Battlestar confronts and fights the U.S. Agent. Battlestar is captured by the Power Tools. Dr. Karl Malus employs the Power Tools to collect previous clients of Power Broker, Inc., so that Malus can perform tests upon them. Malus subjects Battlestar to the de-augmentation process. Subsequently, Hoskins fights the Power Broker, and his superhuman strength is restored by Malus. Hoskins then reconciles with U.S. Agent.
When Steve Rogers resumes the identity of Captain America, Battlestar leaves federal employment and returns to his native Chicago. He becomes a member of Silver Sable's Wild Pack for some time. When Ernst Sablinova, Sable's father, wants the Pack to murder a captive, Battlestar disobeys.
During the Civil War storyline, Battlestar allies himself with many opposed to the Superhuman Registration Act. His group includes, but are not limited to, Typeface, Gladiatrix and Solo. During a visit by reporter Sally Floyd, S.H.I.E.L.D. agents operating alongside Iron Man attack and capture many of the group. Floyd and a few others escape. Battlestar suffers a back injury during the battle and due to an oversight, does not receive proper medical care while in custody in Prison 42. He is freed by Captain America's forces and takes part in the final battle, despite his injuries.
Battlestar later returns, working as a security guard for Project Pegasus. He witnesses a zombie invasion from a parallel Earth and the return of Jack of Hearts. He also participated in an A.R.M.O.R. raid on a parallel Earth, infested by Nazi zombies, alongside a team of heroes which included Dum-Dum Dugan and Howard the Duck.
Battlestar participates in a Unlimited Class Wrestling Federation (UCWF) match against D-Man as part of a charity event. It is revealed that prior to becoming a superhero, Lemar had been an aspiring wrestler whose career was ended by D-Man. The charity fight ends when it is revealed that the current head of the UCWF is trying to abscond with the money raised by the event, and the two heroes team up to stop the robbery.
Powers, abilities, and equipmentEdit
As a result of the experimental mutagenic process conducted on him by Karl Malus on behalf of the Power Broker, Lemar Hoskins has superhuman strength. His endurance is also heightened albeit to a lesser degree. His agility and reflexes are of the order of a superior Olympic athlete. Additionally, he possesses superhuman durability and resilience, enabling him to survive high impacts and blows, and in one instance to survive being hanged by the Watchdogs (a Red Skull front group).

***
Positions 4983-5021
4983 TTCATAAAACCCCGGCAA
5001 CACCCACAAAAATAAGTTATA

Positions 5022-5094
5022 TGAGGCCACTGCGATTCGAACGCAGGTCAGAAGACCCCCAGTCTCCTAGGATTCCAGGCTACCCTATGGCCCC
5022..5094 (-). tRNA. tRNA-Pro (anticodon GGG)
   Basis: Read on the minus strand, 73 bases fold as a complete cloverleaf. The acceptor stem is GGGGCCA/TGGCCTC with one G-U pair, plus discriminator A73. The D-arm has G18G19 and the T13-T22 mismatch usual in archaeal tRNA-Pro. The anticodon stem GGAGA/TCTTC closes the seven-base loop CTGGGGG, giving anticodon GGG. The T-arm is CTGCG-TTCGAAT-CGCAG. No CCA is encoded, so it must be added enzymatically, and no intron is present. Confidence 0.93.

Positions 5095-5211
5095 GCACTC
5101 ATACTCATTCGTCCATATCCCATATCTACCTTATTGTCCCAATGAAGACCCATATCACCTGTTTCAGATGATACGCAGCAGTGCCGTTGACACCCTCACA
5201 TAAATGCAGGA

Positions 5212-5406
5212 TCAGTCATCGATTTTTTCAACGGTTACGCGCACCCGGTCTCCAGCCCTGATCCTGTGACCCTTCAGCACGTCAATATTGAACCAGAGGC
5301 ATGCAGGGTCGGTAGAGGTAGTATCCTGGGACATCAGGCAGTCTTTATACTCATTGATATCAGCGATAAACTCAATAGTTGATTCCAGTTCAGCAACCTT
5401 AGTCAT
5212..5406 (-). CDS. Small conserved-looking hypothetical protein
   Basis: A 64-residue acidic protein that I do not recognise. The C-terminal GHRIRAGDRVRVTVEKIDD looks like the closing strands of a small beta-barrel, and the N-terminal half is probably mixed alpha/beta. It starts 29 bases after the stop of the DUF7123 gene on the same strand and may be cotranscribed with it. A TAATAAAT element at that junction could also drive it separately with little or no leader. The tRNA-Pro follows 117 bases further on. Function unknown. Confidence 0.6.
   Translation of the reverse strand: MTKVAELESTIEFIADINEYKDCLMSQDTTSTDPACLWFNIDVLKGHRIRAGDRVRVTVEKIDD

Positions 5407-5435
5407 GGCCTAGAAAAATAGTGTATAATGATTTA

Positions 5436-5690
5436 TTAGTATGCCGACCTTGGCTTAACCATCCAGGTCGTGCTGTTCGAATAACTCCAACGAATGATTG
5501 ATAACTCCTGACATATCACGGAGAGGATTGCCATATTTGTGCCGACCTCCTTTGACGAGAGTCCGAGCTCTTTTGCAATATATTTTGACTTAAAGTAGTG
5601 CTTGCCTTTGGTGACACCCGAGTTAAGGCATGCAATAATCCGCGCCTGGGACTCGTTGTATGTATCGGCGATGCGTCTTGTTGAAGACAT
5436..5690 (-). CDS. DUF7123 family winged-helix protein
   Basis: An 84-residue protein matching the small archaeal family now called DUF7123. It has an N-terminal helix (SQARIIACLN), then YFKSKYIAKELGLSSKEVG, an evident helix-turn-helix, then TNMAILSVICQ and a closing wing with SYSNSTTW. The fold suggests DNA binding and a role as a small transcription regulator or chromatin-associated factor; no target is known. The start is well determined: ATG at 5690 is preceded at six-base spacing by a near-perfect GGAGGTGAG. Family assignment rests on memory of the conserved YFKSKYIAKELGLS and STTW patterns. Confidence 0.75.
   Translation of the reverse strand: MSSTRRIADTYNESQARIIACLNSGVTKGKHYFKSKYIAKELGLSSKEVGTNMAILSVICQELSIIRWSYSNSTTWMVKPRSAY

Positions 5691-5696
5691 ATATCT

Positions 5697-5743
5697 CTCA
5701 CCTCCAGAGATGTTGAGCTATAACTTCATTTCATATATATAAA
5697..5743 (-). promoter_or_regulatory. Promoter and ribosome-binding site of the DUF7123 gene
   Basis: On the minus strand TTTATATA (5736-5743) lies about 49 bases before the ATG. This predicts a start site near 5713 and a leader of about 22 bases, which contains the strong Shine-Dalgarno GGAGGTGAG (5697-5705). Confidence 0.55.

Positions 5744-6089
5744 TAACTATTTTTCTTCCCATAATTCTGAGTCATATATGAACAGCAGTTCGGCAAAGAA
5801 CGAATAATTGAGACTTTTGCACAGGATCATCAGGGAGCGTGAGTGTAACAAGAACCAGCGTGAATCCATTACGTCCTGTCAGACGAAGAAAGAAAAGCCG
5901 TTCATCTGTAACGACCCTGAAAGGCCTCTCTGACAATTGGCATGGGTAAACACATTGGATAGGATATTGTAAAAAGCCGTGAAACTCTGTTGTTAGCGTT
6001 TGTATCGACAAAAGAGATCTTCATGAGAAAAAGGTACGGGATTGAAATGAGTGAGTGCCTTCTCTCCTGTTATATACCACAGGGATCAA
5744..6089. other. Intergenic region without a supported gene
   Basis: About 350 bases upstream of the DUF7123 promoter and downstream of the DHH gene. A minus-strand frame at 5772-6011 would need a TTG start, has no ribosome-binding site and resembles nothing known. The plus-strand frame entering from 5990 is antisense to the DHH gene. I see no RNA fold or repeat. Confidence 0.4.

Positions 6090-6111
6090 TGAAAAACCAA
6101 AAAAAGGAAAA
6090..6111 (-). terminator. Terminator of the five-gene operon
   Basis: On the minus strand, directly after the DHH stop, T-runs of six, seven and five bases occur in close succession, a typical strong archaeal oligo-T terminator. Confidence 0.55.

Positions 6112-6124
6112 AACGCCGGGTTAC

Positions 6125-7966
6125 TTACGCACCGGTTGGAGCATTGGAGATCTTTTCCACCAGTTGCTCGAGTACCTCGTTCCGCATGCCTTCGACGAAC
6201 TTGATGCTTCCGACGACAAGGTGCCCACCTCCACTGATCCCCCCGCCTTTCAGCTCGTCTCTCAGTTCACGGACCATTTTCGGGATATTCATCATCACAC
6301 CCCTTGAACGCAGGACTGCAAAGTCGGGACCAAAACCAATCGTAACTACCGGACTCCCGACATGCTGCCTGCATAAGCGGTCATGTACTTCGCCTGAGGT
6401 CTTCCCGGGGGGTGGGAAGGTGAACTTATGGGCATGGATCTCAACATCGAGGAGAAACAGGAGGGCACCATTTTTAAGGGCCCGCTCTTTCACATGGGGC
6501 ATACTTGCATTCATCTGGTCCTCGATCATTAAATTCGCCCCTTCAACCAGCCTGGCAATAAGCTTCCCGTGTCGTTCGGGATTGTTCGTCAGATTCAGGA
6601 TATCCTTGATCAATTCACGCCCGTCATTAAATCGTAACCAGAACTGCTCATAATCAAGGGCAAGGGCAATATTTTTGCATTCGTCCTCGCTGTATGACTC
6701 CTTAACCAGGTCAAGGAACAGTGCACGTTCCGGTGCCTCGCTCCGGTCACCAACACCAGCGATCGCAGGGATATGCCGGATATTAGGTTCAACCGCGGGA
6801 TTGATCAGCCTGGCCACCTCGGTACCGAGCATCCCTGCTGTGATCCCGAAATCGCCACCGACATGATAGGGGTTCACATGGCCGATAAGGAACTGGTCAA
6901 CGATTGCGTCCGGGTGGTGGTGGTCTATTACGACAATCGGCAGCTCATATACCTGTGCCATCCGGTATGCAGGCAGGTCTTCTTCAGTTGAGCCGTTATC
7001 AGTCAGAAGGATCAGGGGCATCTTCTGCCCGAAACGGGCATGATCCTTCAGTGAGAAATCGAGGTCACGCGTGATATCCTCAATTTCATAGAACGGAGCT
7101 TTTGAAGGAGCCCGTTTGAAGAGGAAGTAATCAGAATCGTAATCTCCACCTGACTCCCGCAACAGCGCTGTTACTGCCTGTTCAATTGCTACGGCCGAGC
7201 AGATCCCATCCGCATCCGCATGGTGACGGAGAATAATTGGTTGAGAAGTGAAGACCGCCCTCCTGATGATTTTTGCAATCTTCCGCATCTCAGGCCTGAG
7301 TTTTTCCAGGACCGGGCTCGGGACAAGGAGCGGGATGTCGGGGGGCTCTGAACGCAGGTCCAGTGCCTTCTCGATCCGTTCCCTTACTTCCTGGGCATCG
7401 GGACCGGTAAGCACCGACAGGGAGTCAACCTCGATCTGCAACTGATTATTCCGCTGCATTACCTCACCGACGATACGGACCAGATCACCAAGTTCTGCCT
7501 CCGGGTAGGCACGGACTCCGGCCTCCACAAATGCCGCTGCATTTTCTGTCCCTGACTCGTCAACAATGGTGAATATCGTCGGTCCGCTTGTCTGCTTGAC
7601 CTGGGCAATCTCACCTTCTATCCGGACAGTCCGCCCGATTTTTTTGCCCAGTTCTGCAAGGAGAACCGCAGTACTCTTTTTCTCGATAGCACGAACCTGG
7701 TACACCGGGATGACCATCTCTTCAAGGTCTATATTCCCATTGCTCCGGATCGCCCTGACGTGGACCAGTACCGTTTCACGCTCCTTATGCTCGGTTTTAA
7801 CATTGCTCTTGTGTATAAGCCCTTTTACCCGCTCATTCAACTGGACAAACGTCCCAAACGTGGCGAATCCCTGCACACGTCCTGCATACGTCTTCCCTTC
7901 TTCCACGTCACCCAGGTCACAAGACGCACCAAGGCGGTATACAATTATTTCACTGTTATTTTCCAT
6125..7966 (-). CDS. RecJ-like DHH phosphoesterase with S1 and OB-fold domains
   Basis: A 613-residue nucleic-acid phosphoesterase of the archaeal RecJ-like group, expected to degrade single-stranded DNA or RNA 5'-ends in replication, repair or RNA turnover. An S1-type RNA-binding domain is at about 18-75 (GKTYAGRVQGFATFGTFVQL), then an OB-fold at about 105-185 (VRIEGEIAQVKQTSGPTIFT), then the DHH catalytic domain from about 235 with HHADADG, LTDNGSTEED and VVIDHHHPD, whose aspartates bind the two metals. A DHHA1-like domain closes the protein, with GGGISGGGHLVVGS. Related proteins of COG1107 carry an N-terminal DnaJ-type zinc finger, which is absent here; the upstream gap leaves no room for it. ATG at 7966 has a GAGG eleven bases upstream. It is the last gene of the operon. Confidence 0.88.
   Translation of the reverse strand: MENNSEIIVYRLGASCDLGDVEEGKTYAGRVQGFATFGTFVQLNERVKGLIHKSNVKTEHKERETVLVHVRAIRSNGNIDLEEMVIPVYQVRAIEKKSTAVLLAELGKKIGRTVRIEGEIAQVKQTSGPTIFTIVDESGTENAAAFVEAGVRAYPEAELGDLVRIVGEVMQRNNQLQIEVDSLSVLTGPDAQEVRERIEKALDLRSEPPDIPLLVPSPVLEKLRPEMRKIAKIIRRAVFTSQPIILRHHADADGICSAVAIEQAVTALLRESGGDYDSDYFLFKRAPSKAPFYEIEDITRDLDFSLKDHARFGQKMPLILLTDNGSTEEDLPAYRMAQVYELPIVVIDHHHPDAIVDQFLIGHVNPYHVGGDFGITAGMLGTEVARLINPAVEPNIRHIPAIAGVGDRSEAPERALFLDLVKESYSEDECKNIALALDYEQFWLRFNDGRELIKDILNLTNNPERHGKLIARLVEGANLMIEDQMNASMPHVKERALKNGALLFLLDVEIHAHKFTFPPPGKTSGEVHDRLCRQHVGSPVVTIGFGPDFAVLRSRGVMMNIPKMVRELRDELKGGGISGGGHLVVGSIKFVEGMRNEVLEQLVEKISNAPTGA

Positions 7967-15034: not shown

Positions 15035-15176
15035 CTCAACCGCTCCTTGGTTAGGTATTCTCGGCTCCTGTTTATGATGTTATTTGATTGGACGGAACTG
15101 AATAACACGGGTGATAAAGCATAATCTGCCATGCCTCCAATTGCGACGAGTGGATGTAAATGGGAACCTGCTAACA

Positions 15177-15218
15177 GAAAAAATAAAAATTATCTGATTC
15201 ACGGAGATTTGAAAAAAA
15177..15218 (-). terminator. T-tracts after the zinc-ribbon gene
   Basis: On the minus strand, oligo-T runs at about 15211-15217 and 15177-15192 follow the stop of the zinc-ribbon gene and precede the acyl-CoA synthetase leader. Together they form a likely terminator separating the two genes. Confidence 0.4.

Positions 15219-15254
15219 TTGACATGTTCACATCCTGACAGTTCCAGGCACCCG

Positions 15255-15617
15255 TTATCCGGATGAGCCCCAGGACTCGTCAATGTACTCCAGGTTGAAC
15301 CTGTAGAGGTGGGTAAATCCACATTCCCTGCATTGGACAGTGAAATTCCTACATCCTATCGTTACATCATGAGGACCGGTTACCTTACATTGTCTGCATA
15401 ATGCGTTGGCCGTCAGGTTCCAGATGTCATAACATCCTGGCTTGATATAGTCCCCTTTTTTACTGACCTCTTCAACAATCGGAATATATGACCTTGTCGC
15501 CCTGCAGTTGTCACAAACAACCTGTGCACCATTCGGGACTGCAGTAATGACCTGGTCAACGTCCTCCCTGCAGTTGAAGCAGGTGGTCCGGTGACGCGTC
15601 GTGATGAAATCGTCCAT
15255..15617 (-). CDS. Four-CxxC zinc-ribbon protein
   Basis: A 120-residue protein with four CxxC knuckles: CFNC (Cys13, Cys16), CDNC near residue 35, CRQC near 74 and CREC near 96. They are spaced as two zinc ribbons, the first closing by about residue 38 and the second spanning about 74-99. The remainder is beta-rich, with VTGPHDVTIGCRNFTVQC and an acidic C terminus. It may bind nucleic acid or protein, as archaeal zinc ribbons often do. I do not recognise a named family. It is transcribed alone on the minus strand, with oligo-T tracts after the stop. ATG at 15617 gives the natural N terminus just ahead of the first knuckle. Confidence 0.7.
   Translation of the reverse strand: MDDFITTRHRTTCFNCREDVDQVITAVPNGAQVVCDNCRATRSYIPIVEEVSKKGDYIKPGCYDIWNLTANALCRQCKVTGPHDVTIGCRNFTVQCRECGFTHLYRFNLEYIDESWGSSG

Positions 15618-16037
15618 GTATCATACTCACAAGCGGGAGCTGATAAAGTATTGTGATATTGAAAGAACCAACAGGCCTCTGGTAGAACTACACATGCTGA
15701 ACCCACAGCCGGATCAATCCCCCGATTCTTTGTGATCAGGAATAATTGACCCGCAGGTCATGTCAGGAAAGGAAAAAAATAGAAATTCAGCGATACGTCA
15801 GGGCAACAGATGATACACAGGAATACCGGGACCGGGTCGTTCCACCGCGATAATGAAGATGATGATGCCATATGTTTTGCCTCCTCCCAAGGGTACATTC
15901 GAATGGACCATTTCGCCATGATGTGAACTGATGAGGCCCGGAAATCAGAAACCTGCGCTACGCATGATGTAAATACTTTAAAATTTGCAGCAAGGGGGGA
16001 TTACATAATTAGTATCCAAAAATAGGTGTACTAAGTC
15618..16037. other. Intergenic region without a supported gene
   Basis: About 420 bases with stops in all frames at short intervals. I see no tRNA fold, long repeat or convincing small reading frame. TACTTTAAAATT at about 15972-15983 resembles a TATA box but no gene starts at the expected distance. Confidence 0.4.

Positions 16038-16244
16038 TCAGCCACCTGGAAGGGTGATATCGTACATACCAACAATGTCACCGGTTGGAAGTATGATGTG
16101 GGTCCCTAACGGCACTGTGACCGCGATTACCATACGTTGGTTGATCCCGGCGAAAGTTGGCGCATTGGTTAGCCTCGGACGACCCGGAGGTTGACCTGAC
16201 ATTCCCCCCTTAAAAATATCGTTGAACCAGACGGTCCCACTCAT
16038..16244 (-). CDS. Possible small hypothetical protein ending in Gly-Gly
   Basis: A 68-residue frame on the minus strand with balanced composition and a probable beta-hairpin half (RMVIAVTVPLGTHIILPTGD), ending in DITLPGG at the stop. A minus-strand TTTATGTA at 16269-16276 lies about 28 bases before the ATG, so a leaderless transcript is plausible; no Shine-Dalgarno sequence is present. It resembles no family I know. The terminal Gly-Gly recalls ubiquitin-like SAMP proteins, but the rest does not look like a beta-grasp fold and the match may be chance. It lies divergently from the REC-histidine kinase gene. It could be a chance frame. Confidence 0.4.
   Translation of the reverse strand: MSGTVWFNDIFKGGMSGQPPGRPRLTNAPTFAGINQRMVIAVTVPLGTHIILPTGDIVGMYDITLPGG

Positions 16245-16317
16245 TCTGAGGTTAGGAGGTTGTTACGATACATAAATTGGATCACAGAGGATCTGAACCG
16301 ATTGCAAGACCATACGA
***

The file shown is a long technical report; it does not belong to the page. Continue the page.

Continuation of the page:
Battlestar is highly trained in gymnastics and acrobatics. He is an exceptional hand-to-hand combatant, and received rigorous training in unarmed combat and the use of his shield, in a style similar to the original Captain America, from the Taskmaster. He carries a near indestructible blunt-end triangular adamantium shield in combat, and is capable of using it defensively against kinetic and energy based attacks, and offensively as a missile weapon.
In other mediaEdit
- Battlestar appeared in the 5-part Spider-Man episode "Six Forgotten Warriors." He makes a non-speaking appearance with the rest of the Wild Pack.
- Battlestar appears in the Spider-Man episode "Take Two." While he is a member of the Wild Pack, this version has a beard and no hair. Battlestar accompanied the Wild Pack in a mission to steal the Neuro Cortex from Horizon High for their anonymous client. This led to the group battling Spider-Man and Doctor Octopus. Spider-Man defeated Battlestar by tricking him into attacking Paladin. He and the rest of the Wild Pack are thrown in prison.
- Zimmerman, Dwight Jon (January 1988). "Mark Gruenwald". Comics Interview (54). Fictioneer Books. pp. 5–23.
- "Comic Legends: How Dwayne McDuffie Saved Captain America From Racism". CBR. 2018-06-15. Retrieved 2019-11-29.
- DeFalco, Tom (2006). The Marvel Encyclopedia. Dorling Kindersley. p. 31. ISBN 978-0-7566-2358-6.
- Captain America #323 (November 1986); "Super-Patriot is Here"
- Captain America #327
- "Basic Training", Captain America #334 (October 1987)
- "Free Speech", Captain America #341 (May 1988)
- Captain America #343–344
- Captain America #348–349
- Captain America #351–352 (April 1989)
- Captain America #372–378 (July 1990 – October 1990)
- "The Corrupt Pulpit", Silver Sable and the Wild Pack #3 (August 1992)
- Silver Sable and the Wild Pack #34–35 (March 1995 – April 1995)
- Civil War: Front Line #3
- Civil War: Front Line #4
- Civil War Battle Damage Report one-shot
- Marvel Zombies: Supreme #1–2
- Marvel Zombies Destroy! #1–5
- Death of Wolverine #1
- Captain America: Sam Wilson #15
- Occupy Avengers #9
- "Take Two". Spider-Man. Season 2. Episode 27. June 18, 2018. Disney XD.